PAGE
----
Death Label, developed by those Tetris Grand Masters over at Arika, is the most glorified boss rush ever made. Instead of a set number of stages like in the arcade game, the DS version consists of different courses, each one sending you up against different bosses from the arcade version of the game in a row. The play mechanics have been reappropriated a little bit for the small screens, but the end result still requires you to stay as close to the boss as long as you can without getting killed.
Interestingly, you also get a ton of points for carefully using up all of your bombs at each boss encounter, turning all of the bullets onscreen into big multiplier point items with each use. That's a scoring mechanic that doesn't show up very much in these kinds of games, which usually reward you for bombing as little as possible. Unfortunately, it also means that in a lot of cases you end up spending most of your time shooting the boss until near-dead, then waiting around until a particularly big bullet pattern comes out, bombing, and then waiting around some more.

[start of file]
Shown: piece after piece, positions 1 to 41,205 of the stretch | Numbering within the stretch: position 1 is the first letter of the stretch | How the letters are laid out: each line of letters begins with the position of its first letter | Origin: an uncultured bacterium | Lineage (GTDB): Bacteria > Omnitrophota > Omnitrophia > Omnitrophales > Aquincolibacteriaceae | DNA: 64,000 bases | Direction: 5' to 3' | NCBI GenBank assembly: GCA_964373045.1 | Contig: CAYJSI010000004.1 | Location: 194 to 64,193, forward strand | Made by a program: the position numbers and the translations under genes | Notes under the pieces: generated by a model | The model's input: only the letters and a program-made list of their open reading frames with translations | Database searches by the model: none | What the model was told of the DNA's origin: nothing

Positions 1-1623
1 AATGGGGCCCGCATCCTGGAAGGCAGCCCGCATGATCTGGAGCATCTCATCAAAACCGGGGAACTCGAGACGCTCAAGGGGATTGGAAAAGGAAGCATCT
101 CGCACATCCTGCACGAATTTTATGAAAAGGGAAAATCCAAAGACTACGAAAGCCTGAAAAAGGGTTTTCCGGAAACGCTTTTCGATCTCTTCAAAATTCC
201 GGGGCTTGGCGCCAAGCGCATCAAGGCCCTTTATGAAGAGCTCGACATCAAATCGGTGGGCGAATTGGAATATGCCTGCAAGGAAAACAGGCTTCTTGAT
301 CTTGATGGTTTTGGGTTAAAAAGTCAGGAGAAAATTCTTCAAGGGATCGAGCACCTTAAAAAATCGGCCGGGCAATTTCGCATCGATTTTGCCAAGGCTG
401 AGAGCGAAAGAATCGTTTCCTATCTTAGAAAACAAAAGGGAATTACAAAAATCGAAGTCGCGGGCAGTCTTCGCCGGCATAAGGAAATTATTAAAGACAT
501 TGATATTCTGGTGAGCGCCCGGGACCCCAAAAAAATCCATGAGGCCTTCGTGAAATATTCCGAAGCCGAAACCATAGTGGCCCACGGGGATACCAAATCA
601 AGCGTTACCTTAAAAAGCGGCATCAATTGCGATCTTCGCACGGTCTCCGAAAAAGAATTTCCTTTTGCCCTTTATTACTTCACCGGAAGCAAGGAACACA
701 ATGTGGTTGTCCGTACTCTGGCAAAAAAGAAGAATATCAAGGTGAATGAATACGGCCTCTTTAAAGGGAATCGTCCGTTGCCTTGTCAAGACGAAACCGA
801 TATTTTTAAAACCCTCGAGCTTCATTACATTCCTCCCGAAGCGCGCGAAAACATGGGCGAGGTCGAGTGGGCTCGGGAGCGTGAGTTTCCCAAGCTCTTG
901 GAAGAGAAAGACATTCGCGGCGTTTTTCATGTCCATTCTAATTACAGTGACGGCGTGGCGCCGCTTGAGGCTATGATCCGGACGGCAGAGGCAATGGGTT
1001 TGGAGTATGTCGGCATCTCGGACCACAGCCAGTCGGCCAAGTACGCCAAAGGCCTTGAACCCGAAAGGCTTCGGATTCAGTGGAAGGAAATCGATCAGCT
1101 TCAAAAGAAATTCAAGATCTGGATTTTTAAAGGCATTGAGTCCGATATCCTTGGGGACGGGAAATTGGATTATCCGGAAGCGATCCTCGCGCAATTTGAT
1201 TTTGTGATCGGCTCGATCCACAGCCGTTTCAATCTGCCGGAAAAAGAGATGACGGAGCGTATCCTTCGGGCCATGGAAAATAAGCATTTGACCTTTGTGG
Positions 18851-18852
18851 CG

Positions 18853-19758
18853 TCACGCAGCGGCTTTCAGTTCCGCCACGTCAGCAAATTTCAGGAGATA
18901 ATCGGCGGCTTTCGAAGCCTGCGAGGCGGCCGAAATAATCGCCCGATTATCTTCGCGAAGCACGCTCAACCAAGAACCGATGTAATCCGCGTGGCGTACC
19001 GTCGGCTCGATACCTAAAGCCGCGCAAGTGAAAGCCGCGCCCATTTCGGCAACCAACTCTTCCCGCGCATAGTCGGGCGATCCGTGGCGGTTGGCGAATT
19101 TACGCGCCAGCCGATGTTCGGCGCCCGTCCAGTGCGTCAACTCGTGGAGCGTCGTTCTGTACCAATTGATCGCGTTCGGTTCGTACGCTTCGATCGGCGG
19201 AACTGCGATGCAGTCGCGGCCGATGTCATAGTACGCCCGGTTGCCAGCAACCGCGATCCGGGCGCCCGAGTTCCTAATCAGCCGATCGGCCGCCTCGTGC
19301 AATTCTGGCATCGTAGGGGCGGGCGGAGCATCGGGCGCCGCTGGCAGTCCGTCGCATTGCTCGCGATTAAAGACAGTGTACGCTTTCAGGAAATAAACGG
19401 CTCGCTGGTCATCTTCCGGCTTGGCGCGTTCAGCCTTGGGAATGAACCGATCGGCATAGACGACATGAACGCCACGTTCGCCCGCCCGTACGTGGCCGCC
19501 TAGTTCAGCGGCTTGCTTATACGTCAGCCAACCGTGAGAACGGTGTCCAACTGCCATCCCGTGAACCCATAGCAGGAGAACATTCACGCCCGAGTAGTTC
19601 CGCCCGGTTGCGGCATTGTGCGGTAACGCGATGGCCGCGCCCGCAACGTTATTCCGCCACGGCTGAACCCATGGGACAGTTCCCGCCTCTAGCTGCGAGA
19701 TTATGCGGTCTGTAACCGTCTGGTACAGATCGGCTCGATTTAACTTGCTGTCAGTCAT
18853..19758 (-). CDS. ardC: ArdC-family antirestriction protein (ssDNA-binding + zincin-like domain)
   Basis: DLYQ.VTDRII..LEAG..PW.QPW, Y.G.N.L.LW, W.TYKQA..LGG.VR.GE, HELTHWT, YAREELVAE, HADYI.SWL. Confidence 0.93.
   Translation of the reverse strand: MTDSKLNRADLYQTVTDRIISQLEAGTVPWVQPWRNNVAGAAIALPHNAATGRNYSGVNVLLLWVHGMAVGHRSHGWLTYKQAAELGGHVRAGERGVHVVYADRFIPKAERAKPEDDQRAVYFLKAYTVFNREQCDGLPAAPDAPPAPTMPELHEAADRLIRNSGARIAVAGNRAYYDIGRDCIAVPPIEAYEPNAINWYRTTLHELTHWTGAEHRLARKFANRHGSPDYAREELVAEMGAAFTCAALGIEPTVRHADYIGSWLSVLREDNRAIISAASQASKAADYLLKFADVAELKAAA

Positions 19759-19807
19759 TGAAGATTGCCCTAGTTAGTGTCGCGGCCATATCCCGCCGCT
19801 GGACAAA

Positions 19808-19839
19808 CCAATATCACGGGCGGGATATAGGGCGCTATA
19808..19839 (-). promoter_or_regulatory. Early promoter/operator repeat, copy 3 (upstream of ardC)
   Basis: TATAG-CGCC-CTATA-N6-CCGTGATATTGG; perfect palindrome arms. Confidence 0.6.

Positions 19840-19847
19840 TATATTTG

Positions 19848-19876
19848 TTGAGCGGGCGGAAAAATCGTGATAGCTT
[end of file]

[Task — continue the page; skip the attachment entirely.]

Besides the steadily harder set of courses, the game also has an Extra Mode which replicates the fifth stage of the arcade game on the DS with a pretty absurd level of difficulty. There's also Doom Mode, in which you fight the true last boss of the arcade game over and over, with the difficulty ramping up each time.
The game has an art gallery that unlocks as you complete the equivalent of achievements ("destroy this boss," "destroy that boss," "don't bomb," etc.), which in turn unlocks a bizarre little side mode called "Oshiete IKD-san!" in which Cave head-honcho Tsuneki Ikeda instructs various characters from Ketsui itself on the game's play mechanics. There are also mini-superplay videos and assorted meta-weirdness from the development staff of the DS game. Most of it is beyond my rudimentary Japanese ability, but it, along with the included superplay DVD of the arcade version, show that Arika wasn't willing to just push this thing out the door. Sorta. It feels apologetic, like "hey, sorry we couldn't make a real game for the DS. Here's a bunch of unnecessary stuff for you to peruse as compensation." That's the kind of vibe I get, anyway.
Second opinion: here's a video review of the game by shmups forum member Rob, who lives in the great state of Alaska. You may find that he is pretty picky about these kinds of games (and maybe a little insane), but he is an important voice, nonetheless.